Originally posted on Fangraphs  |  Last updated 3/20/13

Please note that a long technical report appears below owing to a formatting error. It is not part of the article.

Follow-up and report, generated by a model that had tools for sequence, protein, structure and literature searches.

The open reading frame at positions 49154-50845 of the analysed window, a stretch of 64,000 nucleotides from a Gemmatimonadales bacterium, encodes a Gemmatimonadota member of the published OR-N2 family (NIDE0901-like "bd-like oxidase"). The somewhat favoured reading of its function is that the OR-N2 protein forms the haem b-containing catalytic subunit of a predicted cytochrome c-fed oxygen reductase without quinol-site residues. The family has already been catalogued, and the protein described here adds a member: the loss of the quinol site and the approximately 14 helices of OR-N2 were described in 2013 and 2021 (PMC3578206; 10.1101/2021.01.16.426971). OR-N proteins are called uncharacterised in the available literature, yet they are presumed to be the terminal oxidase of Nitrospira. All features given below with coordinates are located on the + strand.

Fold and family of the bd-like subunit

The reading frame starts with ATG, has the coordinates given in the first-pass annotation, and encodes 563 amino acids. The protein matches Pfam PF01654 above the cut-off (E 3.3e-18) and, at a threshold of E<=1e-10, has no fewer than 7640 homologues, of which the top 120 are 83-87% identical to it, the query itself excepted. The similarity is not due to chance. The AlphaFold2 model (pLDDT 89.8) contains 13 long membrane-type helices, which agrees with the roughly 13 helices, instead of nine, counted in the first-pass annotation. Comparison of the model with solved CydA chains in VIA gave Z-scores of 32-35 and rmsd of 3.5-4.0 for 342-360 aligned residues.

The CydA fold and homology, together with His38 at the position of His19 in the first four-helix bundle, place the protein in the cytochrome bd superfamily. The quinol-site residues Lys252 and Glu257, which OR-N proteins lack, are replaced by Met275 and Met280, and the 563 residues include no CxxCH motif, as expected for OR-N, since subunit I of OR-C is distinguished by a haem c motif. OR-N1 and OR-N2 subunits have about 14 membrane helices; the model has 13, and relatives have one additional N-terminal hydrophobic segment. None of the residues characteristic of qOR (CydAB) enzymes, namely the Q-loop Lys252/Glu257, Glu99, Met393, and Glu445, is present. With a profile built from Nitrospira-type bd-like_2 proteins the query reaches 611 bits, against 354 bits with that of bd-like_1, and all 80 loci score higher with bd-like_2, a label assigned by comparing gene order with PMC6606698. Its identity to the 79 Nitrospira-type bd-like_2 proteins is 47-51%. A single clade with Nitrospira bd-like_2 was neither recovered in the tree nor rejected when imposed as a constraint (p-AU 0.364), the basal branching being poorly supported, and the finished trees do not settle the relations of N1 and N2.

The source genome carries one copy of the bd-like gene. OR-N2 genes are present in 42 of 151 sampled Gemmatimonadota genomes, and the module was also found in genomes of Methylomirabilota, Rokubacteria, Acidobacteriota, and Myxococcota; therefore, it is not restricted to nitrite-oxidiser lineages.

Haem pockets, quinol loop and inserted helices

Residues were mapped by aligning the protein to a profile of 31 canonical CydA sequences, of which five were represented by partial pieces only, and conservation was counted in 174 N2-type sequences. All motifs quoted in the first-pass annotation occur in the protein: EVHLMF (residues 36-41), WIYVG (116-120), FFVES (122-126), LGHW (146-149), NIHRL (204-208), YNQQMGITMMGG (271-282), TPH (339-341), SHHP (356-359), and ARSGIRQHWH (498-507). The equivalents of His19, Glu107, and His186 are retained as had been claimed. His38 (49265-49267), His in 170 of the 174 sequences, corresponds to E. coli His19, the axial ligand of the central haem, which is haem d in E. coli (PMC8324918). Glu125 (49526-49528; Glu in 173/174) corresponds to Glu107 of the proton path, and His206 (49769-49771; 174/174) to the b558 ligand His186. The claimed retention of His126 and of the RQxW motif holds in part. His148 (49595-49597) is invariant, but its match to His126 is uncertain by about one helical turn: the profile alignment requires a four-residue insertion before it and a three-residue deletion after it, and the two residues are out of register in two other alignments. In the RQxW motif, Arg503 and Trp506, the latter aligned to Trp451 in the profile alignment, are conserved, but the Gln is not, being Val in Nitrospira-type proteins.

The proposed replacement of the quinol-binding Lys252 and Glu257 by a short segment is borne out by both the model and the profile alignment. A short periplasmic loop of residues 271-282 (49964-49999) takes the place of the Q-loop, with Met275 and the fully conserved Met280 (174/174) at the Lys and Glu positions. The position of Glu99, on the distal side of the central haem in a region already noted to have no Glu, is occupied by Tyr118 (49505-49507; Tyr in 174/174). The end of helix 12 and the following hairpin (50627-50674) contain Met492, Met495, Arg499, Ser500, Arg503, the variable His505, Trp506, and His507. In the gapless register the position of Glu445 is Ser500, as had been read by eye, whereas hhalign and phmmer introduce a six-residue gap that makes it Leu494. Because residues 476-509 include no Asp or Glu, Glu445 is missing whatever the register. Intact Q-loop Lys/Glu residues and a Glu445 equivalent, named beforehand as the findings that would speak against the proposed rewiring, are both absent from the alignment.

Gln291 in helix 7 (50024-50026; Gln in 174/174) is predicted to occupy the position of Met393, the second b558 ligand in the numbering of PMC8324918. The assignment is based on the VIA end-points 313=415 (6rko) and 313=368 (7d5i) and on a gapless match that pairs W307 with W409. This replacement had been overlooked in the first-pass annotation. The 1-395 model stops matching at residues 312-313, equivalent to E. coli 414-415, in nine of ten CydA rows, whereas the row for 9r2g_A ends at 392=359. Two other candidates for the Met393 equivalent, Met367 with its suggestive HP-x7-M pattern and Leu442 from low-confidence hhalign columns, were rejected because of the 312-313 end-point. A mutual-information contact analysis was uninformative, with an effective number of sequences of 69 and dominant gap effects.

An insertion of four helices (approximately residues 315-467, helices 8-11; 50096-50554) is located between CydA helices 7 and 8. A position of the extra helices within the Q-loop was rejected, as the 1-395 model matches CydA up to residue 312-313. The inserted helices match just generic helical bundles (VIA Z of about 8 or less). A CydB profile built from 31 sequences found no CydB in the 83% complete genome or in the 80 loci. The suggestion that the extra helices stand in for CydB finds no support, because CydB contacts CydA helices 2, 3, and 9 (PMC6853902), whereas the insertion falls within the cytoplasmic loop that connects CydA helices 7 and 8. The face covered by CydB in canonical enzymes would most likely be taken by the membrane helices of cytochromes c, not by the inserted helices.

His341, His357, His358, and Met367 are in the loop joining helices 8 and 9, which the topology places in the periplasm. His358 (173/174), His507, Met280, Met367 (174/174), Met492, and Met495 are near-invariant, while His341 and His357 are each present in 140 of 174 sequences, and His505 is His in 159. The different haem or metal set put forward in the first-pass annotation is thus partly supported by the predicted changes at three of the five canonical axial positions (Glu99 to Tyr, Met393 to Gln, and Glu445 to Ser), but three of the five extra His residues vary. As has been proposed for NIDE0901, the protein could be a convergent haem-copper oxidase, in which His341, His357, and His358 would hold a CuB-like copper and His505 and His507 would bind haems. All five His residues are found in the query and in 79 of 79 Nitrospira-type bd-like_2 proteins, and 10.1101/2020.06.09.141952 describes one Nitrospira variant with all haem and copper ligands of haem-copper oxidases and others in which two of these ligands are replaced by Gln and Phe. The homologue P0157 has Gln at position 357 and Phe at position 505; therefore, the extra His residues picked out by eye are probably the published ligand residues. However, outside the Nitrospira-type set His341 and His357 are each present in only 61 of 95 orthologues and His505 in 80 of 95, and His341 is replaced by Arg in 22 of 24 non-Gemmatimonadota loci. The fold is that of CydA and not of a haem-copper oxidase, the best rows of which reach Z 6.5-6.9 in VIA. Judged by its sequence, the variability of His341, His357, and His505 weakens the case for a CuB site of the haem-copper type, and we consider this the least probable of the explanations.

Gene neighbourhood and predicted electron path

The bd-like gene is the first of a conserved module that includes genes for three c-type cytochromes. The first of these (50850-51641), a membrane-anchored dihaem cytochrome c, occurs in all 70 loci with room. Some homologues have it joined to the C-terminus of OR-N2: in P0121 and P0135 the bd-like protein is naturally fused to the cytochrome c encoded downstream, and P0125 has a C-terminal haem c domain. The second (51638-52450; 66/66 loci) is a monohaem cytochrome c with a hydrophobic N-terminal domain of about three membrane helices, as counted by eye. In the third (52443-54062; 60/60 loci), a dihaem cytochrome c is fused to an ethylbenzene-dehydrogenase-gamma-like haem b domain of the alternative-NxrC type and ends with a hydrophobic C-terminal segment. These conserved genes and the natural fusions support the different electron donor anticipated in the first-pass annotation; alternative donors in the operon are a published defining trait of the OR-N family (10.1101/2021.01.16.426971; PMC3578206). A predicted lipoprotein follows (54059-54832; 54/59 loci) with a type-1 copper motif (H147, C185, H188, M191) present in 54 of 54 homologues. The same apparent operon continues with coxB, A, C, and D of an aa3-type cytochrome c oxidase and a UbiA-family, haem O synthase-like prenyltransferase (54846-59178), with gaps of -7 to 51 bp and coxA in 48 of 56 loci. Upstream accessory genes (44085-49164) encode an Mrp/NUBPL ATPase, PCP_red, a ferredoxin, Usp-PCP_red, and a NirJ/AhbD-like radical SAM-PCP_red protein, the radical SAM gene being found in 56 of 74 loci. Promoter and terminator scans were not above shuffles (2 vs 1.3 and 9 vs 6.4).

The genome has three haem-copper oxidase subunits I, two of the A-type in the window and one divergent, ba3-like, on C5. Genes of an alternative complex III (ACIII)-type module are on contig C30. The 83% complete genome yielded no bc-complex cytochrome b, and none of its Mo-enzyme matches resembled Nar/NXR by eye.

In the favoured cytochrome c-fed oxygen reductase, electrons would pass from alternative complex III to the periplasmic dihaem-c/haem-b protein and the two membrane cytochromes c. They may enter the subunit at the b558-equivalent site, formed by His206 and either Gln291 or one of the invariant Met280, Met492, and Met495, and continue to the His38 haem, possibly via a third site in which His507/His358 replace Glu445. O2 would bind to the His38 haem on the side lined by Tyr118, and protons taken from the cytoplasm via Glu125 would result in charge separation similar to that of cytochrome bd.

Joey Votto wasn’t always Joey Votto. Not only is his mother happy about that fact — it would have made for quite a delivery — but his journey from the 44th pick in the 2002 draft to the hitter he is today covers a lot of ground. Talk to him about pulling the ball, infield fly balls, swing planes, and batted ball distance and you quickly understand that this is a man that studies and understands his craft. Learning his story from him can help us understand baseball better. “I was a big pull hitter in high school, but when I tried to do that in Midwest League, I failed,” he said when we talked about hitting. He’s remembering it right, too — his .231/.348/.287 line in that league was very un-Votto-ian even if the walks were there. But since then he’s changed his approach in order to use the entire ballpark. “The ability to spread the ball all over the field prevents shifting,” he said, and with his current approach, Votto thinks he’s “a tough guy to defend.” Specifically, Votto thought that the shift (and avoiding it) might be part of the reason why his .359 batting average on balls in play leads all hitters with with more than 2000 plate appearances since 2008. That’s something we can check. The average BABIP for the top 10% of pull hitters (minimum 100 balls in play) was .273 in 2012. The top 10% of opposite-field hitters? They had a .308 BABIP. Already, without checking the handedness of the batter, we have some evidence that the opposite-field approach helps balls fall into play. But lefties are shifted more often. Now the effect is even more stark — the top 10% lefty pull hitters had a .274 BABIP and the top 10% lefty oppo hitters had a .312 BABIP. And there’s Joey Votto, the lefty with the third-highest opposite field percentage in baseball last year. But it’s not just where he hits it. “I hit the ball hard,” said Votto. That understatement belies a kernel of truth: going opposite field means something different for Joey Votto than it does for the guy ahead of him on the list — Skip Schumaker. The league had an isolated slugging percentage of .151 last season. Let’s take all the batters with an ISO above .150 as our sample. These guys ‘hit the ball hard’ even if not quite as hard as the Reds’ first baseman. Now the effect is even more stark. The top 10% power pull hitters had a .263 BABIP, and the top 10% power oppo guys had a .325 BABIP, and that was mirrored among the (now small-sample) power lefties (.268 pull/.315 oppo). Perhaps it’s not only about the exaggerated shifts that we think of with Mark Teixeira and David Ortiz — maybe it’s just that defenders have less ground to cover against pull hitters in general, and any amount of defensive positioning can have an effect on the hitters’ BABIP. Most BABIP estimators have a component that uses batted ball mix. The thinking might be that more ground balls turn into hits than fly balls (.238 batting average vs .223), but maybe there’s more to it than that. “I learned my swing plane in rookie ball,” Votto said, once again referencing that bad stint in the short league, and agreeing that his new approach allowed him to cover more of the plate. The levelness of his bat through the zone is absolutely related to his pull vs. opposite field approach, he agreed, so it’s hard to separate these out. But in the major leagues, Votto has always been an opposite field guy, it’s just a question of degree. “The year I won the most valuable player, I hit quite a few home runs, and I had a good swing plane, but last year was really my best,” Votto pointed out. Perhaps a look at two random swings from those two years will help us understand better what this means? On the left is an early June swing at home in 2010. On the right is an early June (pre-injury) swing at home in 2012. It does look like Votto finishes higher and with more of a flourish on the left, doesn’t it? Votto knows his swing well. Certain pitchers will still try to induce pop-ups from the player that has hit the fewest infield flies in baseball — Jeff Sullivan famously noted that there have been more perfect games than Votto infield flies since 2009 — but being level with his swing allows Votto to “cover up” whatever holes a pitcher might be trying to target. “It’s got to be the perfect sliver of the strike zone, up and in-ish, and I have to take the wrong swing, and I have to swing at it,” said Votto. (And, yes, Matt Cain is good at it.) The data once again supports Votto’s assertion. Jeff Zimmerman showed last year that for all hitters, high and inside is the spot for infield pop-ups. The difficulty is that, as he points out, 73% of pitches taken in those spots are called for strikes, so batters often have to swing. He looked at Buster Posey against Edwin Encarnacion — Votto’s infield fly in 2012 came after his injury and didn’t make for good comparison — and found that batters that keep up their back elbow find success. That back elbow is also related to how pull-happy your swing is. We’ve talked about how level his swing is, and how pull-conscious he’s been. But how hard Votto swings is part of it, too. As he said above, he’s had better power years than he had before his injury last year, and yet he felt better about his swing last season than he ever had before. “I bet if you took my average home run distance my rookie year, it was probably a good ten or twenty feet further, maybe.” Last year, Votto’s fly balls and home runs averaged 300.8 feet, good for the bottom of the top 20 among qualified batters. In his MVP season, they averaged 316.7 feet, or third in baseball. As you can see, Votto “took less risks” with his swing as he puts it. And his swinging strike rate, which used to be above average (10.4% in 2010), has plummeted the last two years (6.9% last season). “There’s less of a chance I miss the ball with this swing,” says Votto, once again backed by the numbers. He knows there’s a tradeoff — more ground balls and line drives means fewer home runs. “I might only hit 25 or 30 home runs,” with this approach, Votto said, but that approach is also “the reason why I was going to walk 140 times,” and “the reason why I was going to hit .340 or .350 or whatever I was going to hit by the end of the year before I got hurt.” Has he ever felt pressure to hit more home runs? “Not when you lead the league in slugging,” laughed Votto. And obviously the Reds value his contributions whether he leads the league in home runs or not. Is Votto worried about his legacy, or place among the greats in the game, if he doesn’t have the home run totals traditionally associated with Cooperstown first basemen? “I just want to be in the conversation for the best player in the game, and I’d like to be in that conversation as long as I can,” he said. “Even if my numbers don’t match up to Eddie Murray, a 3,000/500 guy, if I do this for an extended period of time, maybe you can compare someone to what Sandy Koufax or Pedro Martinez did — you know great, for a short period of time, but they didn’t have the 300 wins or 3,000 strikeouts or whatever. If I don’t catch any of those numbers, that’s alright, that’s okay.” There came a time after his debut where Votto decided his approach wasn’t working. As he puts it, “I chose not to make outs any more.” He leveled his swing, chose to hit the ball to all parts of the field, focused on contact, patience, and line drives, and became one of the best hitters in baseball. This might not all be prescriptive, since not everyone has the combination of contact ability and power that he does, but it certainly worked for him. And the numbers — maybe not the home runs or RBI — have agreed with him every step of the way.